A Non-traditional Path to Success

05/15/2024 Alumni Spotlight

Dr. Jerry Hollingsworth pursued his education at McMurry as a non-traditional student in the ’90s, following his service in the US Army. During this time, he balanced his studies in sociology, mental health, and social work with employment at Woods Psychiatric Hospital. 

After graduating from McMurry, Hollingsworth pursued a Master of Science in Social Work at the University of Texas at Arlington. He continued to work in the mental health field, focusing on children exhibiting behavioral issues. He eventually progressed to senior vice president of operations at Harmony Family Services, where he worked with conduct-disordered children. He was also a police officer for several years working with people with antisocial personality disorders. 

Motivated to further his education, he pursued a doctoral degree from Nova Southeastern University in Florida while simultaneously teaching as an adjunct professor at McMurry. Upon completing his doctoral dissertation, he assumed the role of visiting professor at McMurry, later transitioning to a full-time position in 2003.

“I thought I would be a counselor and therapist for the rest of my career,” Hollingsworth explains, “but teaching became my deepest love.” 

Throughout his tenure as a professor at McMurry, Hollingsworth has received numerous accolades, including the EE Hall Award for scholarship and research, the McMurry Outstanding Faculty Award, The Gordon R. & Lola J. Bennett Award for Outstanding Faculty, and the Graduates Faculty Appreciation Award. Additionally, he has been the recipient of several grants and fellowships for research over the past two decades.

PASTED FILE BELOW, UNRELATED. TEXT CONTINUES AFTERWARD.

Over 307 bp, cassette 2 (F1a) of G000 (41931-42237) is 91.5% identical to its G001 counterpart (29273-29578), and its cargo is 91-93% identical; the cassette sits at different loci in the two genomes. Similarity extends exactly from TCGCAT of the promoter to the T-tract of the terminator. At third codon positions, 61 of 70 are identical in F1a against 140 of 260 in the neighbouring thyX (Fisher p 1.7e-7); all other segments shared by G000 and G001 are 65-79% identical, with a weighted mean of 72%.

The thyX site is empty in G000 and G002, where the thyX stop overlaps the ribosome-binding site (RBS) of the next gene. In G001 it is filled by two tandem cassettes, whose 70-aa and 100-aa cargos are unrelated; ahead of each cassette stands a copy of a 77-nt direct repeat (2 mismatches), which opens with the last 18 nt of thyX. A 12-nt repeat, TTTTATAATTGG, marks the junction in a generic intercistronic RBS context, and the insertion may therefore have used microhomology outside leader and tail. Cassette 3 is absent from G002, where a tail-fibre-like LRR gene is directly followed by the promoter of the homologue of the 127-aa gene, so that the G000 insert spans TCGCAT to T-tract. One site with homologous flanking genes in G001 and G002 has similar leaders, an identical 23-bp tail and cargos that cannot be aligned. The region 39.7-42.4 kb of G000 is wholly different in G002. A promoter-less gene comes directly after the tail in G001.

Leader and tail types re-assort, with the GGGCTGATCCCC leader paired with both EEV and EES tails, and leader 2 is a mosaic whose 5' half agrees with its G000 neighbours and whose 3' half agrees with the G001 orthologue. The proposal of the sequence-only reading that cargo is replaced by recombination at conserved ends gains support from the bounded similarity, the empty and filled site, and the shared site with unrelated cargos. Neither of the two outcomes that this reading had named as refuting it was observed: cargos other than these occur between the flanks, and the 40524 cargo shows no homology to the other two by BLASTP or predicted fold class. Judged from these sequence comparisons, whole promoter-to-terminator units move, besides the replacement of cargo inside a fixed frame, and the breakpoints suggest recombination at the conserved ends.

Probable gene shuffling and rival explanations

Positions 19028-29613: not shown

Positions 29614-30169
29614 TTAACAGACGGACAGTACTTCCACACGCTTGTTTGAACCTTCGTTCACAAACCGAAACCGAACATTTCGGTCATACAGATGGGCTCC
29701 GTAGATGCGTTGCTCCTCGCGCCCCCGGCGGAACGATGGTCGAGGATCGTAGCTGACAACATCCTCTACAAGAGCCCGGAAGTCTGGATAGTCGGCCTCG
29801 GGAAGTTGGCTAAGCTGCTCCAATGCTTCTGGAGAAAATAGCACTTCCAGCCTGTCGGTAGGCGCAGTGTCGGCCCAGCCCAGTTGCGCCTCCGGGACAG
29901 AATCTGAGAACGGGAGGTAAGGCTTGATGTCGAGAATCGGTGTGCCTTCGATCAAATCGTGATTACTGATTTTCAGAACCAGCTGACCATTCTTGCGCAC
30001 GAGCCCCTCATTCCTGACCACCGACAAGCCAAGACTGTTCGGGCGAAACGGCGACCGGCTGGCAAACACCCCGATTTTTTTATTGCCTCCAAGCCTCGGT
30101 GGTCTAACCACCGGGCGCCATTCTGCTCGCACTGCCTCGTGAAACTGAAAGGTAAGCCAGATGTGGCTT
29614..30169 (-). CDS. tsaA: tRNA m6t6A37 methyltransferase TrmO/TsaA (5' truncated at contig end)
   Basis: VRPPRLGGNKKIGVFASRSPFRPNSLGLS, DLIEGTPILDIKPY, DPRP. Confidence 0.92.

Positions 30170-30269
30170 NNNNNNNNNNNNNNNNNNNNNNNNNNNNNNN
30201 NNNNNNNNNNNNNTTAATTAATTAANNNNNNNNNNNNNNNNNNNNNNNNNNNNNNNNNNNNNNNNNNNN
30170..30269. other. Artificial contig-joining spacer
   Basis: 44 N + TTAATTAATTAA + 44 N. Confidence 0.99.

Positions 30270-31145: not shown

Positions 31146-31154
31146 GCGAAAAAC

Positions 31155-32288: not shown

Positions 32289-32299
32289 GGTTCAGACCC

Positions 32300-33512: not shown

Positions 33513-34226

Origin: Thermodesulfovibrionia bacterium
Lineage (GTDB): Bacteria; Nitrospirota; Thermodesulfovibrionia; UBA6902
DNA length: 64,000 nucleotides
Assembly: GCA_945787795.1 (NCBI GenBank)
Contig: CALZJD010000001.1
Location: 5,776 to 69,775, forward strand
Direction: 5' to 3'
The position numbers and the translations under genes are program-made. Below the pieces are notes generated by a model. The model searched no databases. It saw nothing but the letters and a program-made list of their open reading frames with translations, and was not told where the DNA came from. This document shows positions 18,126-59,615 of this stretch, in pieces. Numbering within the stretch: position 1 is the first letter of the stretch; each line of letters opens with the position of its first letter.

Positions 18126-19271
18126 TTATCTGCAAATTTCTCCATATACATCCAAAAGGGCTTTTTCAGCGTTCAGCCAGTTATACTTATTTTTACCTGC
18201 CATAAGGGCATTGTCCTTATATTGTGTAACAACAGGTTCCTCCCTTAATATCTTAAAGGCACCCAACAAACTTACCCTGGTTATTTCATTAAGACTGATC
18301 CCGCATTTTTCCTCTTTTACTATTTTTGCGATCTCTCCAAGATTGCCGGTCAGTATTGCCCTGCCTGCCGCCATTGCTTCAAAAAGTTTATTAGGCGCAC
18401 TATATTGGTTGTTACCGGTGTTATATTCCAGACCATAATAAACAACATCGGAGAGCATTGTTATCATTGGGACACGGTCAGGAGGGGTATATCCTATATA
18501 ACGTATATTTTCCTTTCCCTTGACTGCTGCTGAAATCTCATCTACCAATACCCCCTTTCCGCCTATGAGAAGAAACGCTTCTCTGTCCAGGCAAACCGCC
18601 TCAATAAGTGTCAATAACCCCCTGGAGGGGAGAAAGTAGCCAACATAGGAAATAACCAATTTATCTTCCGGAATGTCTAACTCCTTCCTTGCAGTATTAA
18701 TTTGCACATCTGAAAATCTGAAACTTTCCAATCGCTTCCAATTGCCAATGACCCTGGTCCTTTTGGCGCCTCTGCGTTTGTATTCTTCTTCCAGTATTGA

Hollingsworth has written four books: “America’s Third World Societies,” Cambridge Scholar’s Publishing, United Kingdom. (2023). “Native America in the Twenty-First Century,” Cambridge Scholar’s Publishing, United Kingdom (2017). “Social Problems of Children in Sub-Saharan Africa,” Cambridge Scholar’s Publishing, United Kingdom. (2012). “Children of the Sun: An Ethnographic study of the street children of Latin America.” Cambridge Scholar’s Publishing, United Kingdom. (2008). For the past 10 to 12 years, Hollingsworth has been heavily involved in the field of Native American studies. 

For Hollingsworth, the joy of his profession lies in his experience and the opportunities to travel the world doing research, writing, observing, and working with colleagues and students at McMurry. 

“I enjoy working with our students,” he says, “It’s deeply rewarding watching them succeed and eventually walk across that stage. We get close to our students here, and I would not change that for anything else.”